The trend is set to grow with several collaborations in a similar vein hitting the shop floor this year. Vetements and Reebok have teamed up to bring a heavy soled sock trainer to premium retail partners for SS18. Its striking unisex design in black and white colourways creates a unique statement of personal style. The Y Project team are hot on their heals having teamed up with Ugg boots, yes the early naughties popular Australian, sheepskin, slipper boot, to launch a range of thigh-high slouchy boots for men and women.
With Rhianna already spotted in a pair of trusted Ugg’s, these extreme versions, are sure to fly off the shelves when they come to market in the autumn of his year.
So what does this mean for more commercial brands and retailers in the age of Instagram? We’ve identified two Insta trends that could reflect in product development for high engagement in 2018.
We all love to shine
As of December 2017, the KiraKira app was the number one paid-for app in the IOS app store. KiraKira lets you add shine and sparkle to your images and videos. This seemingly came out of nowhere, with Eva Chen, Instagram’s , Head of Fashion Partnership’s an early adopter. Her video of glitter Gucci boots posted during September 2017 New York Fashion week went viral, having 131,977 views to date. The eye-catching motion video of shimmering boots led to October and November saw a combined total of 700K downloads of the KiraKira app and an article in fashion bible, Vogue.
Kirakira certainly makes for a great image or post causing the user to stop scrolling through their feed, with the eye immediately drawn to the sparkle. Could utilizing the power of ‘bling’ be a sure fire way to Instagram success and a fast selling item? Think sequins, studs, metallic embroidery, lurex textured metallic jacquards, satin or anything that can add that sparkle punch and lustre to your range and collection.
We’re talking big sleeves, bold colours, dramatic silhouettes for maximum photographic drama. No longer reserved for just press items and catwalks, bloggers and Insta stars have made these items part of our daily outfits and lifestyles. We’re hungry for more and the once paired back Scandinavian chic is down-trending for a more vivid, playful images that grab us instantaneously.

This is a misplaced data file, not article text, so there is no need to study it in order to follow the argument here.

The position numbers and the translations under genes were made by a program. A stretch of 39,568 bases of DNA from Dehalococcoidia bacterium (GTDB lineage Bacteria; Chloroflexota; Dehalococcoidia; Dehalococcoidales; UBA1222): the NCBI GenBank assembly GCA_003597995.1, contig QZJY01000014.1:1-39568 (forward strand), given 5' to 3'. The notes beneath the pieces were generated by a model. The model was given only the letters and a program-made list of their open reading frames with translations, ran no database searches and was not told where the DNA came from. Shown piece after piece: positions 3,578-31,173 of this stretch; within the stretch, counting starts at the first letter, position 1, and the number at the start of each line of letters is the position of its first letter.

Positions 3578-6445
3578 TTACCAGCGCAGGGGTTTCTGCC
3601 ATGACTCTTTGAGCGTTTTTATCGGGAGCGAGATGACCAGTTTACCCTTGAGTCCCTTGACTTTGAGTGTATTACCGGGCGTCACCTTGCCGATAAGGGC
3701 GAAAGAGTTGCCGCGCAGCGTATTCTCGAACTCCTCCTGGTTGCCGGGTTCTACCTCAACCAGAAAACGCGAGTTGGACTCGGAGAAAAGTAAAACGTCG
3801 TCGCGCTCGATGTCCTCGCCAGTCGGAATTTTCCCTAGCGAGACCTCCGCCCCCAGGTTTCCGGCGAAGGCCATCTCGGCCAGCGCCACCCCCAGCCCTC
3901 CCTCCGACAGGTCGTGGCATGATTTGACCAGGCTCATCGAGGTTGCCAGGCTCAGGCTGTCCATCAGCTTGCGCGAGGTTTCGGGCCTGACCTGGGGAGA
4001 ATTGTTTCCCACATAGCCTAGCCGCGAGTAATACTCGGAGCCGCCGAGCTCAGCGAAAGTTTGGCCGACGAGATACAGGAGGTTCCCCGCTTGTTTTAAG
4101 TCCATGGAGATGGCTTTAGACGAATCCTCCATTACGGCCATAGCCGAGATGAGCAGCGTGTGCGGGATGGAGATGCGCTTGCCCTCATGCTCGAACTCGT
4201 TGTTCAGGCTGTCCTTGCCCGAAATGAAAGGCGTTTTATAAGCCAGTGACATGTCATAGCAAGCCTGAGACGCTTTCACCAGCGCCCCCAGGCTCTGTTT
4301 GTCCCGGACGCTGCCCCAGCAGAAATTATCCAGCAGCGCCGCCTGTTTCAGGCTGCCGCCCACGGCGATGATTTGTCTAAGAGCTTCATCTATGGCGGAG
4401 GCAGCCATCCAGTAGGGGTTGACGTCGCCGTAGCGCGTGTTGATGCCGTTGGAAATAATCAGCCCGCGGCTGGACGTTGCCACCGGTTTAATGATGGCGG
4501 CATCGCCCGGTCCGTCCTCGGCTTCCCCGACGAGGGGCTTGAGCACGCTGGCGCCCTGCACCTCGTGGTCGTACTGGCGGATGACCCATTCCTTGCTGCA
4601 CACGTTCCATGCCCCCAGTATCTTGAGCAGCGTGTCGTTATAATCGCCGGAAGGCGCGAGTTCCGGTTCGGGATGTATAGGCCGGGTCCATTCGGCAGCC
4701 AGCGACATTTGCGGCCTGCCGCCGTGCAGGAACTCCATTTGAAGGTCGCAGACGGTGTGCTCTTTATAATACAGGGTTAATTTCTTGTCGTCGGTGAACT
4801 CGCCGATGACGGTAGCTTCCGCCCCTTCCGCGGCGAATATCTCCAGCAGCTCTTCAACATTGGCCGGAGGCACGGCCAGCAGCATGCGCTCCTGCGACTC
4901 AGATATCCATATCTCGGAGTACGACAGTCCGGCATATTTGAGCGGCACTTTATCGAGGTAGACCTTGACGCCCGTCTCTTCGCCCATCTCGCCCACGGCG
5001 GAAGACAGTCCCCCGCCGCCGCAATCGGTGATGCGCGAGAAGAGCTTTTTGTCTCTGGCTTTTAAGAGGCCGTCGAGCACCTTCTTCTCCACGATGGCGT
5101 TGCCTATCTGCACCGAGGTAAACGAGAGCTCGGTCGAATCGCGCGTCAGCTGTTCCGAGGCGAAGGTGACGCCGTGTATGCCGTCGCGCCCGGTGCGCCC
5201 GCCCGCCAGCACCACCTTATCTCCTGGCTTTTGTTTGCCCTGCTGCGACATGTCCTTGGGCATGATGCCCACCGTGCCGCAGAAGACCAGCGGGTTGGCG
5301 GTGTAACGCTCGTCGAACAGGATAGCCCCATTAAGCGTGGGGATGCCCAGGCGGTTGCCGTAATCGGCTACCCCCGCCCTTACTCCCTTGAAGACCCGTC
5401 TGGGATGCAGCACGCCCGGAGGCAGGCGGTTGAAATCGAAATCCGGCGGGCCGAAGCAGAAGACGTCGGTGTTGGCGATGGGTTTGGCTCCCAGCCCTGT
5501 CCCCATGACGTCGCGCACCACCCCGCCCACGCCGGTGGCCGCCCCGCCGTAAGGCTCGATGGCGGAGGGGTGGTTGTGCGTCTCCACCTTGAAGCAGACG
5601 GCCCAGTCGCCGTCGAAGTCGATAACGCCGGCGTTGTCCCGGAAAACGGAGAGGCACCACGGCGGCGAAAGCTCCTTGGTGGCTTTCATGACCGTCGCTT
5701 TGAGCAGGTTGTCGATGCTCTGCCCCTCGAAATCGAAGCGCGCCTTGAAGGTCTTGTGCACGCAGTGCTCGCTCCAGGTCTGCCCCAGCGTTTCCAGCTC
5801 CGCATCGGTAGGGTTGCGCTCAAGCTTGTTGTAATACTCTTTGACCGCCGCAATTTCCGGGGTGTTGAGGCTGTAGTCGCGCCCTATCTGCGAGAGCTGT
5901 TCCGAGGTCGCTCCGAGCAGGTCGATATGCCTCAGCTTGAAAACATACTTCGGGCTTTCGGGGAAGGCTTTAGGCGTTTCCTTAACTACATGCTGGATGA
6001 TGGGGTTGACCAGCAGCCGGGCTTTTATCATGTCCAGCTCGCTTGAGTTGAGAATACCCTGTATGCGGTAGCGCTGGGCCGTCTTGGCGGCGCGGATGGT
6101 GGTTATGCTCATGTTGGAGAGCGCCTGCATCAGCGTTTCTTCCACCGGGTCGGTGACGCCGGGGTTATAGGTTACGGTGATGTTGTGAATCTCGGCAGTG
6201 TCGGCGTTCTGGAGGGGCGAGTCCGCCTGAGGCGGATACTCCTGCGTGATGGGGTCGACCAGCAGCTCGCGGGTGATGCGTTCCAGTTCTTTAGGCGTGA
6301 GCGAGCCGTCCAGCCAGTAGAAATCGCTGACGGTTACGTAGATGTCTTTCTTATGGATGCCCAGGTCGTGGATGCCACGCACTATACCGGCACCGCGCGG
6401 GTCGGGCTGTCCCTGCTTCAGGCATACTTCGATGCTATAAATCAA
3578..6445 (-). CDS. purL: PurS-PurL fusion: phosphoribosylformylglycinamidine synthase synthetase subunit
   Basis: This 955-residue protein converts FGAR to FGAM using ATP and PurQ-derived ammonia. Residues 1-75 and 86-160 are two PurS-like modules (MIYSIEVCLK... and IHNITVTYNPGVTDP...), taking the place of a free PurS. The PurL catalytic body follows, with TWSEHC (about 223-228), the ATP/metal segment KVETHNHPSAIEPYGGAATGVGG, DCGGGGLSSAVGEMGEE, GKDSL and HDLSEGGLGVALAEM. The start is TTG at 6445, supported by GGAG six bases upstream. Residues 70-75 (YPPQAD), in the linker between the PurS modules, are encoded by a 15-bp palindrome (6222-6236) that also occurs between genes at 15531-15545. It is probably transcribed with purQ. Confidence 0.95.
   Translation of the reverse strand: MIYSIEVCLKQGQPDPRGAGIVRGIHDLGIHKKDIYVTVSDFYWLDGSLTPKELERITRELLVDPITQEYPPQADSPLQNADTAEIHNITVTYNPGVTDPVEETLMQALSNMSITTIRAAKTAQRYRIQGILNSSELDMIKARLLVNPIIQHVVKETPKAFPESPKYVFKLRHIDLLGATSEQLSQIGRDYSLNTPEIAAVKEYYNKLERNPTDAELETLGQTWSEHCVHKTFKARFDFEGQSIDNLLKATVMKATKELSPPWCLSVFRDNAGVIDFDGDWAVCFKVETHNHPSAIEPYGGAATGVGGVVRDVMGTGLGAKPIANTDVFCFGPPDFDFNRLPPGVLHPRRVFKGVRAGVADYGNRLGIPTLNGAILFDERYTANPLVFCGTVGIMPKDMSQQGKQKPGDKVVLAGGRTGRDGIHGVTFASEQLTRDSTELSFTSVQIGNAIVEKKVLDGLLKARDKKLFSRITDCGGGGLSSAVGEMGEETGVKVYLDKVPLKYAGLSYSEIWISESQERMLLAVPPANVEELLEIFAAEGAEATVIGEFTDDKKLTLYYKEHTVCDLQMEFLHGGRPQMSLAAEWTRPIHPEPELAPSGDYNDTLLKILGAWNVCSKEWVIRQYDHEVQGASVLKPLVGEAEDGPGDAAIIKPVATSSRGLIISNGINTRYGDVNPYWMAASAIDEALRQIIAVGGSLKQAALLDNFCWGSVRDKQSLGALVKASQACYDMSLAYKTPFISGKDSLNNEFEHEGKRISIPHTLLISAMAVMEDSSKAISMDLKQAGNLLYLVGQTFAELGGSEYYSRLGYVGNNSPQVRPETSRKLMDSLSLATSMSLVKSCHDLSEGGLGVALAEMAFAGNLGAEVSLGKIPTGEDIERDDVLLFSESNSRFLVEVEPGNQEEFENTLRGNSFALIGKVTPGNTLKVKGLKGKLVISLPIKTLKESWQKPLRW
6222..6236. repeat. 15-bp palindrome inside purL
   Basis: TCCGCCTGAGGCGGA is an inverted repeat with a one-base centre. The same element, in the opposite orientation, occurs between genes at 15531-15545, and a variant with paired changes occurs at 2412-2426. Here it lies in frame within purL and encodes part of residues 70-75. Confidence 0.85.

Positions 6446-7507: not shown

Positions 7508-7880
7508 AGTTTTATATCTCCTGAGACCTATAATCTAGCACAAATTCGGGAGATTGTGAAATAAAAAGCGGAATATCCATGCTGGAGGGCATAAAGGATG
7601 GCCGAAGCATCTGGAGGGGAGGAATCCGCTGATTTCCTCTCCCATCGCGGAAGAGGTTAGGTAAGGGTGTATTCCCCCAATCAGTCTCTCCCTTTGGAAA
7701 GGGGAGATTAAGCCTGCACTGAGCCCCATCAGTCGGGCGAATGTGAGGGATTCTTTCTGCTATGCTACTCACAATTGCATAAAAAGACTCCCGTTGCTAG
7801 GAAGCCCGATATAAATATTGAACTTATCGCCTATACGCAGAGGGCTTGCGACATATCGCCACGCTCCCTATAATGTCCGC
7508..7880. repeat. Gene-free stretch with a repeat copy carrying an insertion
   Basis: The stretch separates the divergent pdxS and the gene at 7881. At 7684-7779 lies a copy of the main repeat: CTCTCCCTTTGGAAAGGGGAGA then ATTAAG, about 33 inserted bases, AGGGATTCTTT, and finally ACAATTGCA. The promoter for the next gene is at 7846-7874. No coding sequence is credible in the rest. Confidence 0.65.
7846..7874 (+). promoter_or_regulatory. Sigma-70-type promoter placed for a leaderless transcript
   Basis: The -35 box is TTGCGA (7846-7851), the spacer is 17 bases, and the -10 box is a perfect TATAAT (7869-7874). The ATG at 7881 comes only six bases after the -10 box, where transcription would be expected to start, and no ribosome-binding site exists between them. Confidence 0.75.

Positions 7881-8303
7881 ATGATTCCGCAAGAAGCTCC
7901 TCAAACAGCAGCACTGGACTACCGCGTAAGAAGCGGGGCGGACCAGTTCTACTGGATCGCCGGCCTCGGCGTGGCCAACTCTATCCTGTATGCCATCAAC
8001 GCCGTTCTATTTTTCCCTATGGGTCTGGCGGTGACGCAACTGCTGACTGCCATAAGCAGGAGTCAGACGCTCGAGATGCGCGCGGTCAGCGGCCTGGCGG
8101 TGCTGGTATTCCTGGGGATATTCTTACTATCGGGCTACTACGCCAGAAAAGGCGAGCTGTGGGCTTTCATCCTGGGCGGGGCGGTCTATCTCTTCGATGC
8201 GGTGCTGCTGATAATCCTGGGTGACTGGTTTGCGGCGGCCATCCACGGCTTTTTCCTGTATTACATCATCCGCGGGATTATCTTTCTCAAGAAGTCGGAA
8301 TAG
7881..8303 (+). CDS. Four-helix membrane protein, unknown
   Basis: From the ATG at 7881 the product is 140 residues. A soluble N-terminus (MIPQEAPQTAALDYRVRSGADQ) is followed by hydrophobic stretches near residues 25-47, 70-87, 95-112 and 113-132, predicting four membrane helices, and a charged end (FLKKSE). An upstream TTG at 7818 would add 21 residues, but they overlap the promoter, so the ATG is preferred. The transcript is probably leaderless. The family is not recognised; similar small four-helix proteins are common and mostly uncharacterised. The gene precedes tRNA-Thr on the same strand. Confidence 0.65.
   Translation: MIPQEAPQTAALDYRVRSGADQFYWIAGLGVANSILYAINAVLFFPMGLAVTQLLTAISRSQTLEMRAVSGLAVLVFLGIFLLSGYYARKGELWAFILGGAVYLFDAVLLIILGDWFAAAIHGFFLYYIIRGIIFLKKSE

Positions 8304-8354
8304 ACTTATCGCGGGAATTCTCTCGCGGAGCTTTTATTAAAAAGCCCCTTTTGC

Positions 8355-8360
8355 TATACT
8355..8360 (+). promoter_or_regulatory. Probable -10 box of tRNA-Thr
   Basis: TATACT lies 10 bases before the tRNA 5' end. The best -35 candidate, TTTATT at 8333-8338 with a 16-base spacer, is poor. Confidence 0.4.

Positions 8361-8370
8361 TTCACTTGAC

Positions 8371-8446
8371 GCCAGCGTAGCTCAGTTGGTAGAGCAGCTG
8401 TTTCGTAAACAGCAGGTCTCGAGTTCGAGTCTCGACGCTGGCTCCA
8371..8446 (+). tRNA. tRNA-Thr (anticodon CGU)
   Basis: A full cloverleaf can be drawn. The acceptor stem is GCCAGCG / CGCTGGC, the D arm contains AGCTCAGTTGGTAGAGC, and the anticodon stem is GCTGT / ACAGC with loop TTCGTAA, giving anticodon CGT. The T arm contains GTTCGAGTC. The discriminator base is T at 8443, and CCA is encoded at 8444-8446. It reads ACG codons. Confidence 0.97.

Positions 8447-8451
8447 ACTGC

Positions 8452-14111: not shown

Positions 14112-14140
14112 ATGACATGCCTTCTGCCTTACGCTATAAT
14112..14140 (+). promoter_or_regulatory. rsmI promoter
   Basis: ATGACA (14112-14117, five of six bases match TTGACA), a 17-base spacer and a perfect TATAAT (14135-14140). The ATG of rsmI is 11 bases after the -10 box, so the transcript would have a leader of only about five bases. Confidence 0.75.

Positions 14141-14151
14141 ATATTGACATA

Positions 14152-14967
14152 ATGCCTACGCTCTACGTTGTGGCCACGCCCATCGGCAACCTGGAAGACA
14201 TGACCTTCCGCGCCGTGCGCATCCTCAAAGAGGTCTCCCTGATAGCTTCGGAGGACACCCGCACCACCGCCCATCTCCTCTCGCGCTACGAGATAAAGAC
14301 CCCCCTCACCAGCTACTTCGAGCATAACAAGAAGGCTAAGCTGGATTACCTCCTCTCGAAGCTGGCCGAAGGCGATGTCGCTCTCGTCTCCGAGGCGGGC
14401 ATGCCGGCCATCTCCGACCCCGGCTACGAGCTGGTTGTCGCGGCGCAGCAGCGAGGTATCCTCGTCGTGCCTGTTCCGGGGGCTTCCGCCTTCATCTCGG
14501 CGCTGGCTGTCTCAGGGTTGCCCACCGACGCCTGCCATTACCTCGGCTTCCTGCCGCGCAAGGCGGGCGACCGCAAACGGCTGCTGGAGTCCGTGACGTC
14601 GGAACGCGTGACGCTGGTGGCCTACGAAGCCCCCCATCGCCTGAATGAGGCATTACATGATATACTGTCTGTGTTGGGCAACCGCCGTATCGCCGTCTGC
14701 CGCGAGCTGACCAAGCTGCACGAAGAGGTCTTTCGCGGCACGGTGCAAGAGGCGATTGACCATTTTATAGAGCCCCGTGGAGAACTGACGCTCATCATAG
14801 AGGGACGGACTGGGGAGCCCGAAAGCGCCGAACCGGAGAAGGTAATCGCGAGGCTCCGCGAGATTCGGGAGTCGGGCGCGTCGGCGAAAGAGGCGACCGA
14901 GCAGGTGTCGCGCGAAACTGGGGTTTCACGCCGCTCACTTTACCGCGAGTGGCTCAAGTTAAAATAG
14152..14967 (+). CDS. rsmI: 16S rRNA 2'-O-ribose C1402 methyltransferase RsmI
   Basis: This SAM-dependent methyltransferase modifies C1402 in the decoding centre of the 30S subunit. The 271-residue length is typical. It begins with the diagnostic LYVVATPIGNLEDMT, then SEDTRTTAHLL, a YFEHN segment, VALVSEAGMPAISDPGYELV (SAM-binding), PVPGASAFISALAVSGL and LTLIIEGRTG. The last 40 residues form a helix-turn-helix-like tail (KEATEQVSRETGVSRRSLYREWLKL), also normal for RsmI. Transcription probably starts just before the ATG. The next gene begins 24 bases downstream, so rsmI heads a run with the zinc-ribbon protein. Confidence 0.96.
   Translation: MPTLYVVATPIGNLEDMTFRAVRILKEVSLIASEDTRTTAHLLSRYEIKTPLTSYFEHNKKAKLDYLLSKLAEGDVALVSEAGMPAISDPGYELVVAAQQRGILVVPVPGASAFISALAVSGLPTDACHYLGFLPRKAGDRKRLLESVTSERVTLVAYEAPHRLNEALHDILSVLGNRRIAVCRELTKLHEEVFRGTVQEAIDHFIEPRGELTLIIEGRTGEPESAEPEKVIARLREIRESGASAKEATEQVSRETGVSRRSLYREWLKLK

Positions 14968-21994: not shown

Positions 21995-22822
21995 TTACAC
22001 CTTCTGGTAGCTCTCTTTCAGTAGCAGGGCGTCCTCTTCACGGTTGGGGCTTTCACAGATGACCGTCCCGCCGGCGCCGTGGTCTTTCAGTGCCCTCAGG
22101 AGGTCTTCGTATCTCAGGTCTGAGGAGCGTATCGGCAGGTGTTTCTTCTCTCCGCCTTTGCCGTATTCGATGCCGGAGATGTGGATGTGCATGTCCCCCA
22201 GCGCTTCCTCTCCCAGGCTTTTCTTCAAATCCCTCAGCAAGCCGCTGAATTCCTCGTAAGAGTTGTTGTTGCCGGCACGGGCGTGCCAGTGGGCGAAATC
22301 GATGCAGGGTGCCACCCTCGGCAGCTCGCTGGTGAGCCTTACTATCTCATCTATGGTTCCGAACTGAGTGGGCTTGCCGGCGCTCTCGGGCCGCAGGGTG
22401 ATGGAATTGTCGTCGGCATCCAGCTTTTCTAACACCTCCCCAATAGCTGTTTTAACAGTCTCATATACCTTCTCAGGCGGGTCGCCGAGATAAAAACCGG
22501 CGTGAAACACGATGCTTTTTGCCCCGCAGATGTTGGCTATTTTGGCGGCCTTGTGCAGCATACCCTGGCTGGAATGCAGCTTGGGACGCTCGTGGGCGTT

Details can be so crucial here, with so much more of an outfit to show off on Instagram, influencers and brands desire more bang for their buck. The more detailed a garment, the more dramatic a silhouette, the more an influencer can utilize an item and therefore the more images and engagement a brand can receive in return. It’s predicted in 2018 that a big insta-photography trend will be to focus on the delicate details and little touches of an outfit or item. Delving deeper into the world of the blogger and giving the consumer more access to the product before purchasing. With an even more intimate look than what can be seen in most online stores.
‘Every detail counts’ could be a key factor in driving more sales on an item.
Whatever your collection Instagram is changing the way we view product, the way we shop and the way we engage with customers. The trends and insights provided from the app can’t be ignored for long. So how much do You use Instagram? Or maybe you use other apps? We’d love to hear from you.
Header image: Photo by Brunel Johnson on Unsplash . Image 1: Maison Martin Margiela SS18 Couture, images courtesy of Vogue catwalk. Image 2: Age of Ugly L-R Balenciaga www. whowhatwhere.co.uk, Raf Simons www.highsnobiety.com, Vetements brownsfashion.com. Image 3: KiraKira Instagram posts L-R @evachen212, @poppydelevigne, @susiebubble. Image 4: Maximalism Instagram posts L-R @c_l_o, @ganni, @nytimesfashion, @wethepeoplestyle @double3xposure